Africa News blog
African business, politics and lifestyle
The overthrow of Madagascar’s leader may have had nothing to do with events elsewhere in Africa, but after four violent changes of power within eight months the question is bound to arise as to whether the continent is returning to old ways.
Three years without coups between 2005 and last year had appeared to some, including foreign investors, to have indicated a fundamental change from the first turbulent decades after independence. This spate of violent overthrows could now be another reason for investors to tread more warily again, particularly as Africa feels the impact of the global financial crisis.
“Although I don’t think these instances of instability in Africa are related to each other or part of a pattern, I think there’s no doubt external constituents and businesspeople around the world will assume there is a pattern,” said Tom Cargill, Africa Programme Coordinator at London thinktank Chatham House.
The fact that coup makers have succeeded without being forced to step down or even face major censure could also embolden those who might be tempted to take power in bigger countries, where falling growth is encouraging disaffection.
With corruption scandals mounting and his government reeling from public disapproval, President Mwai Kibaki called his first news conference in years — to talk about his wife.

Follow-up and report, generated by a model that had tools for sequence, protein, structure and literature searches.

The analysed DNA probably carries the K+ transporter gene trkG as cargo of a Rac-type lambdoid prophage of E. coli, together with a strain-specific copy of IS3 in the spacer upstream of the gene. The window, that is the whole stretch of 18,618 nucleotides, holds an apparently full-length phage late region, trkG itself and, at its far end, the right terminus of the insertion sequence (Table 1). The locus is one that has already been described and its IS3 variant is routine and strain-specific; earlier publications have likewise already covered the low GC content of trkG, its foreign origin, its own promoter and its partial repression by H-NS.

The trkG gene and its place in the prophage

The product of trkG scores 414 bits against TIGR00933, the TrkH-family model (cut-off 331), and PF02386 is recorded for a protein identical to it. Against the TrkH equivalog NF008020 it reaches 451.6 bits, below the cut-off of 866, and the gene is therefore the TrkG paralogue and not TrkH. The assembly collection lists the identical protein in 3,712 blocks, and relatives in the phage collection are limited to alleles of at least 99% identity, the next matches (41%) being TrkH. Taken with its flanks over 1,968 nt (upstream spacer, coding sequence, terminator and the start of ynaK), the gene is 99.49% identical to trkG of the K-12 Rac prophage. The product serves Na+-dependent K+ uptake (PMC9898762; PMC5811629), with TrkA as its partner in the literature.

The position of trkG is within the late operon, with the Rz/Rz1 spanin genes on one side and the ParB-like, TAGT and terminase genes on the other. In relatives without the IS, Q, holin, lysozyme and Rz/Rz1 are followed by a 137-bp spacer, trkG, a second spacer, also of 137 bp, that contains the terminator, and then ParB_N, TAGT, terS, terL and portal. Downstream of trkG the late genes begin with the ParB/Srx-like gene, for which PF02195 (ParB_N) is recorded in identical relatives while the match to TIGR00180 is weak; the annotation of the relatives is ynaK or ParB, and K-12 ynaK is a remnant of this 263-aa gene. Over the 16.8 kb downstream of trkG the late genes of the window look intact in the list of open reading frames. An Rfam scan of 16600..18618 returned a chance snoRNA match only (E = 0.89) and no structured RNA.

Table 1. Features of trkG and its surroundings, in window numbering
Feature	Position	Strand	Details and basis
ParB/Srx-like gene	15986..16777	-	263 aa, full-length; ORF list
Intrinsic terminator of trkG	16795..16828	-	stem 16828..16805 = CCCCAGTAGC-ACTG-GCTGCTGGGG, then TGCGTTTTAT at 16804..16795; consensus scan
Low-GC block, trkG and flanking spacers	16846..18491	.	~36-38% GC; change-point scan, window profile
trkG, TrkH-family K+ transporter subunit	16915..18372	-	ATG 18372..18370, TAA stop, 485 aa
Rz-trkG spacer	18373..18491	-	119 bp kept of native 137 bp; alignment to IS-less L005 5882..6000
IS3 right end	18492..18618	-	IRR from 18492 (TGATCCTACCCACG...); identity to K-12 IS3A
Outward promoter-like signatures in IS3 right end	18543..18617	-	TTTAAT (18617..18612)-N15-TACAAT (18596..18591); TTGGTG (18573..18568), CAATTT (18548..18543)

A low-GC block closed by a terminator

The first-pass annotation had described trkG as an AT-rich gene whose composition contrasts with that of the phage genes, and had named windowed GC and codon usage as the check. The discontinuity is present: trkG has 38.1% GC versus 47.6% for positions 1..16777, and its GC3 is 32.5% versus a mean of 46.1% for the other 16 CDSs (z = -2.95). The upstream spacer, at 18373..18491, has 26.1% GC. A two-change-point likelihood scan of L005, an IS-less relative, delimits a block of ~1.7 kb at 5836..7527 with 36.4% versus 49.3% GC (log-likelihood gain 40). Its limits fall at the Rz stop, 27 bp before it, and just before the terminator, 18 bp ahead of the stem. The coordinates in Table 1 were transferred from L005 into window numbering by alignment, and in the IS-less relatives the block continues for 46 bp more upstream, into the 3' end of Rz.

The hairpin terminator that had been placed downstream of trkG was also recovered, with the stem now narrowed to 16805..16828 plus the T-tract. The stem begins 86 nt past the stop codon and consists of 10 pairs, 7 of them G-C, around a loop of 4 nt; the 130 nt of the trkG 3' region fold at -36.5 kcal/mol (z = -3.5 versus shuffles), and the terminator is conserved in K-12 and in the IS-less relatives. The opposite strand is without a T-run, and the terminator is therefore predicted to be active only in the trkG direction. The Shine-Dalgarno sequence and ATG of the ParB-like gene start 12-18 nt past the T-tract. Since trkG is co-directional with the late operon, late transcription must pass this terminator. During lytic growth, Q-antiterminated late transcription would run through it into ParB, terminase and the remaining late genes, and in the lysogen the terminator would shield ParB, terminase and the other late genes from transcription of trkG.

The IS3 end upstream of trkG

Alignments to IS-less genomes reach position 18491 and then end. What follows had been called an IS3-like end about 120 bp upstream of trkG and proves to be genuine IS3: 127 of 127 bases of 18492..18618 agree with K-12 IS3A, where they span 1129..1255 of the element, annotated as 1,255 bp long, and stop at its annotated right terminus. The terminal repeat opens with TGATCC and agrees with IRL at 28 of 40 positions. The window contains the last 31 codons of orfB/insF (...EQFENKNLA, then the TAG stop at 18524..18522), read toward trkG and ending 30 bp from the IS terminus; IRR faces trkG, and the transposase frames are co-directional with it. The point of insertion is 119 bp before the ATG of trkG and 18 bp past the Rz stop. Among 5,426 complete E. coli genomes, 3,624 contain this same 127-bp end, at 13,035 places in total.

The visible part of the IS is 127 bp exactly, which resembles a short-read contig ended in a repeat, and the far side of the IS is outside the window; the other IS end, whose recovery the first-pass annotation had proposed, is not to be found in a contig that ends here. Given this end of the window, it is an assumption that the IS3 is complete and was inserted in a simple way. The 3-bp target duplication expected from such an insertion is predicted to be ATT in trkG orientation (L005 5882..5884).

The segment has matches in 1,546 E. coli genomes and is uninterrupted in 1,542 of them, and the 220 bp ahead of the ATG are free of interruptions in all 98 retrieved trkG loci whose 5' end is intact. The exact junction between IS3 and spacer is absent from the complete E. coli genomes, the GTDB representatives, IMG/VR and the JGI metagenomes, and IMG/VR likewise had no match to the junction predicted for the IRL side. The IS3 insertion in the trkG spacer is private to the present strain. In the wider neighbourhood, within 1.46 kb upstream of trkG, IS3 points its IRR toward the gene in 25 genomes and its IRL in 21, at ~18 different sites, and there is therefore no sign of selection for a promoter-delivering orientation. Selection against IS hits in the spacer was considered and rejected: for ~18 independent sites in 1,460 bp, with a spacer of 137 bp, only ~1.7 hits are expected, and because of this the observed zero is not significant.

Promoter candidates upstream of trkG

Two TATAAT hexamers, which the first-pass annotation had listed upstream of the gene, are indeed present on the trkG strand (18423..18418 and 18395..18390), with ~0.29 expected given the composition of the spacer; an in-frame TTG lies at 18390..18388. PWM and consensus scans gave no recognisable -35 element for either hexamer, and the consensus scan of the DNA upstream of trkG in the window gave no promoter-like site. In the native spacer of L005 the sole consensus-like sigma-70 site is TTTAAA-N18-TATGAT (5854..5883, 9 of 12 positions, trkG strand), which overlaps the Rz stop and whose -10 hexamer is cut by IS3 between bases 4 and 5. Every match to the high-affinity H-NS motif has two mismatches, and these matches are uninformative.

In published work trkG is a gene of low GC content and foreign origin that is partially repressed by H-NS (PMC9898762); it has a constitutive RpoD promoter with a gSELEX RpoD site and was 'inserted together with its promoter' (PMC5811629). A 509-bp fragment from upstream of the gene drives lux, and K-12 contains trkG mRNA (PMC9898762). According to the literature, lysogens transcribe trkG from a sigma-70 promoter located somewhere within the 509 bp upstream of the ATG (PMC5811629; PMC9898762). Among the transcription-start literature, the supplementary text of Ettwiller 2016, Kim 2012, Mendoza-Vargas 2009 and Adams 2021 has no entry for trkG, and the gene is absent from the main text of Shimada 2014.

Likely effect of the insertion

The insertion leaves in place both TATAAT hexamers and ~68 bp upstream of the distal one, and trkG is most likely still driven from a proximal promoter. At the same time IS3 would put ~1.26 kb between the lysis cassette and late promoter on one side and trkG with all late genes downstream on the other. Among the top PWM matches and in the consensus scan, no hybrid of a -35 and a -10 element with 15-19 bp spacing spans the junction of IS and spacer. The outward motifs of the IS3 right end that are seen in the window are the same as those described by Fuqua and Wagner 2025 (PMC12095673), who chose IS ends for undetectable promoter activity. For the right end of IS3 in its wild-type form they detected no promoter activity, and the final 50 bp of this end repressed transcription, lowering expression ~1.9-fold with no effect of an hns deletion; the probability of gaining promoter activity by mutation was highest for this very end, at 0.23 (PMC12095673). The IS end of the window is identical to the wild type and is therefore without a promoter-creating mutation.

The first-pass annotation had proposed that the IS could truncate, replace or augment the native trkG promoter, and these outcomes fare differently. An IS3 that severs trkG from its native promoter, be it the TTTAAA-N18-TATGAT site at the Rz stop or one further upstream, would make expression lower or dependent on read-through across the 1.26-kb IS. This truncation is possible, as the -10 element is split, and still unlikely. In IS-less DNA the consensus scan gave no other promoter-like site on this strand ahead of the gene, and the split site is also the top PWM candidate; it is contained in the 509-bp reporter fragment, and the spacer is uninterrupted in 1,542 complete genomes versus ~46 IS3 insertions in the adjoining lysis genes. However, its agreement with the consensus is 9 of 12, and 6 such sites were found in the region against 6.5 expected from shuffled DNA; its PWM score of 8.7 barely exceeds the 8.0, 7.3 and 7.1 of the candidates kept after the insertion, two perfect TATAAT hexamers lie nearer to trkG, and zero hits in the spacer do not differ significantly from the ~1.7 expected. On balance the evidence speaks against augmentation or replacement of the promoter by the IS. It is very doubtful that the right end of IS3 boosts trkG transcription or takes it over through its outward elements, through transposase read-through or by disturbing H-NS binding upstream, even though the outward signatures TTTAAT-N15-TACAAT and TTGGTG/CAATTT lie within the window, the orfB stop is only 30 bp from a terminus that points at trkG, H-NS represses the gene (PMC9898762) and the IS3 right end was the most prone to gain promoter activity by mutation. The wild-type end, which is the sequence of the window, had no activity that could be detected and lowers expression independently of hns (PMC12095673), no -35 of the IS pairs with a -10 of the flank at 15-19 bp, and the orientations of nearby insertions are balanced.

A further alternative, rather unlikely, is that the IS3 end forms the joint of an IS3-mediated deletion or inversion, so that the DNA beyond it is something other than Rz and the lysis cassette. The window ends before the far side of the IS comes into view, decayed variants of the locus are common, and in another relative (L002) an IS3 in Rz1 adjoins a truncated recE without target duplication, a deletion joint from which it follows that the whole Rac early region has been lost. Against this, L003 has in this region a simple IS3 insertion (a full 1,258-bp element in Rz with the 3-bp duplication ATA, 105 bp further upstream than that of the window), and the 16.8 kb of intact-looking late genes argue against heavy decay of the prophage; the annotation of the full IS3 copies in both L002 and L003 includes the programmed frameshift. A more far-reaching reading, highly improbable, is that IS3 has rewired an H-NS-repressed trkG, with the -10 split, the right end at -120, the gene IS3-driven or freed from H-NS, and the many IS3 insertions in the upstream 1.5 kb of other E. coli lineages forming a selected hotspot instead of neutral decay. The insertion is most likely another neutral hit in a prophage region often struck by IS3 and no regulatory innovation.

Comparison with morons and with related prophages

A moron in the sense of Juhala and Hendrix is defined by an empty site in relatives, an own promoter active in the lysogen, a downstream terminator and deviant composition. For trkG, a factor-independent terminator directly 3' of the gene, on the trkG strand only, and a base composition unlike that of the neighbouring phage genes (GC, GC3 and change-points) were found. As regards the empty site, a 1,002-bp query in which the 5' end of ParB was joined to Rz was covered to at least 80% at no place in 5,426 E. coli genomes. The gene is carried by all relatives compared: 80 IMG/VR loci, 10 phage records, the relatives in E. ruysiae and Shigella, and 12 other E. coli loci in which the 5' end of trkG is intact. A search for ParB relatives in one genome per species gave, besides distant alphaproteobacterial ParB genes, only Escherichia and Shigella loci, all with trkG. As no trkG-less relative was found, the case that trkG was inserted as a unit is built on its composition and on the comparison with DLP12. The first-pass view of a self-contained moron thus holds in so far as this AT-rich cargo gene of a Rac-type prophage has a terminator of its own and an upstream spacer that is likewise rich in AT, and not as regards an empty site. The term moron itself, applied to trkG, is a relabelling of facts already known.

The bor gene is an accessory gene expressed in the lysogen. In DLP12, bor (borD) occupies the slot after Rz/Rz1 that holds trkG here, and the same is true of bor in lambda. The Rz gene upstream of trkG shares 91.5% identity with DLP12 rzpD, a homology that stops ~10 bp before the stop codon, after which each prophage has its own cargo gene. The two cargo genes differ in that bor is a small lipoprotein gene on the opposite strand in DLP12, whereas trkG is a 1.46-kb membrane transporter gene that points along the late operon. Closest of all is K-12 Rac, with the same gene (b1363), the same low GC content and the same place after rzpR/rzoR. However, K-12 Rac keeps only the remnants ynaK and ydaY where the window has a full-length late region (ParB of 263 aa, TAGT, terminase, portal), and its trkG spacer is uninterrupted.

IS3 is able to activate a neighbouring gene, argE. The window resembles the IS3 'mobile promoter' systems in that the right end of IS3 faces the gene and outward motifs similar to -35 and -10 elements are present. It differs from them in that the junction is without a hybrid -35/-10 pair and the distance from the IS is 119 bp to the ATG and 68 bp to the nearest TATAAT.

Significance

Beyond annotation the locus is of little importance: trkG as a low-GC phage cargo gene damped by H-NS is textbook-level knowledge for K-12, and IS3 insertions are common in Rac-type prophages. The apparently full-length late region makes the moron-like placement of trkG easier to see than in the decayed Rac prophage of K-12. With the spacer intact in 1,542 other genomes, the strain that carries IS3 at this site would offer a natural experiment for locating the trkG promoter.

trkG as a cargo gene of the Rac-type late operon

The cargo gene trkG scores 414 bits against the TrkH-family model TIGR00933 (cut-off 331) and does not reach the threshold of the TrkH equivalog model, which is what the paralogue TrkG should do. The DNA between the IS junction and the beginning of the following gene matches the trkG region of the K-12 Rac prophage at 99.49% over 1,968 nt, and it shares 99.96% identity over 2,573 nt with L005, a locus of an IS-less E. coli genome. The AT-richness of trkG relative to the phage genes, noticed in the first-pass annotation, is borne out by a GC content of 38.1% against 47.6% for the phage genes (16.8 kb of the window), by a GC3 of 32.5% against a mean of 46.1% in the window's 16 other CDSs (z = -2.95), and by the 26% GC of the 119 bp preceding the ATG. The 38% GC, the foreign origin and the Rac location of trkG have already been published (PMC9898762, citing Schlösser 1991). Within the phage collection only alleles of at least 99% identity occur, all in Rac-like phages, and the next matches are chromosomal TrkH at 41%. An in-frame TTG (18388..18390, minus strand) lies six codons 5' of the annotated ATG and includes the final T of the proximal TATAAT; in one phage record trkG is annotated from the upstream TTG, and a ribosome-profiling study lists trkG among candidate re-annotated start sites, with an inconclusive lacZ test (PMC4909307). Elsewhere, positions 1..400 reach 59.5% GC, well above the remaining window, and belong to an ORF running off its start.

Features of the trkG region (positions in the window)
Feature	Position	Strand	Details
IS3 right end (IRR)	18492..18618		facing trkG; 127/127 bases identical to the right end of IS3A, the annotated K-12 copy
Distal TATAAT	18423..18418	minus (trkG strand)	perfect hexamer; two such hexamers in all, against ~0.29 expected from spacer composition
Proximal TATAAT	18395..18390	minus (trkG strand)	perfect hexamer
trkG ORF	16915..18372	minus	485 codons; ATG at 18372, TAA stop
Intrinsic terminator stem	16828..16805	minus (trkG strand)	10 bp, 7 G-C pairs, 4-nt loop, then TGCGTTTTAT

A U.N. investigator has castigated Kenya’s police force for hundreds of alleged extra-judicial killings and called for both its chief and the Attorney General to be fired immediately.
In a scathing indictment of the east African country’s security forces, Philip Alston, the U.N. rapporteur on extradicial executions, said he had received overwhelming evidence during a 10-day tour of systematic, widespread regular and carefully planned killings by the police. He said they were “free to kill at will” and did so with impunity for motives ranging from private disputes to extortion, to shooting a suspect instead of making an arrest. “The Kenyan police are a law unto themselves and they kill often and with impunity, ” said Alston, a law professor from Australia. In a statement laced with angry sarcasm, he accused the police of failing to provide him with virtually any of the information he sought, including the number of officers in the force. He supported allegations that police had killed 500 suspected members of the notorious Mungiki crime gang in 2007 in an attempt to exterminate it and 400, mostly opposition, demonstrators during a post election crisis last year — as reported by an official inquiry. Army and police are also accused of torturing and killing at least 200 people in an offensive to suppress a rebel movement in western Kenya.
Alston demanded the immediate dismissal of Police Commissioner Hussein Ali but did not stop there. He said long-serving Attorney General Amos Wako, who he accused of consistently obstructing attempts to prosecute those in high positions for extrajudicial executions, must also go, calling him the embodiment of a system of impunity. Alston added that Kenya’s judicial system was bankrupt and another obstacle to achieving justice. And he even attacked President Mwai Kibaki for remaining completely silent about impunity.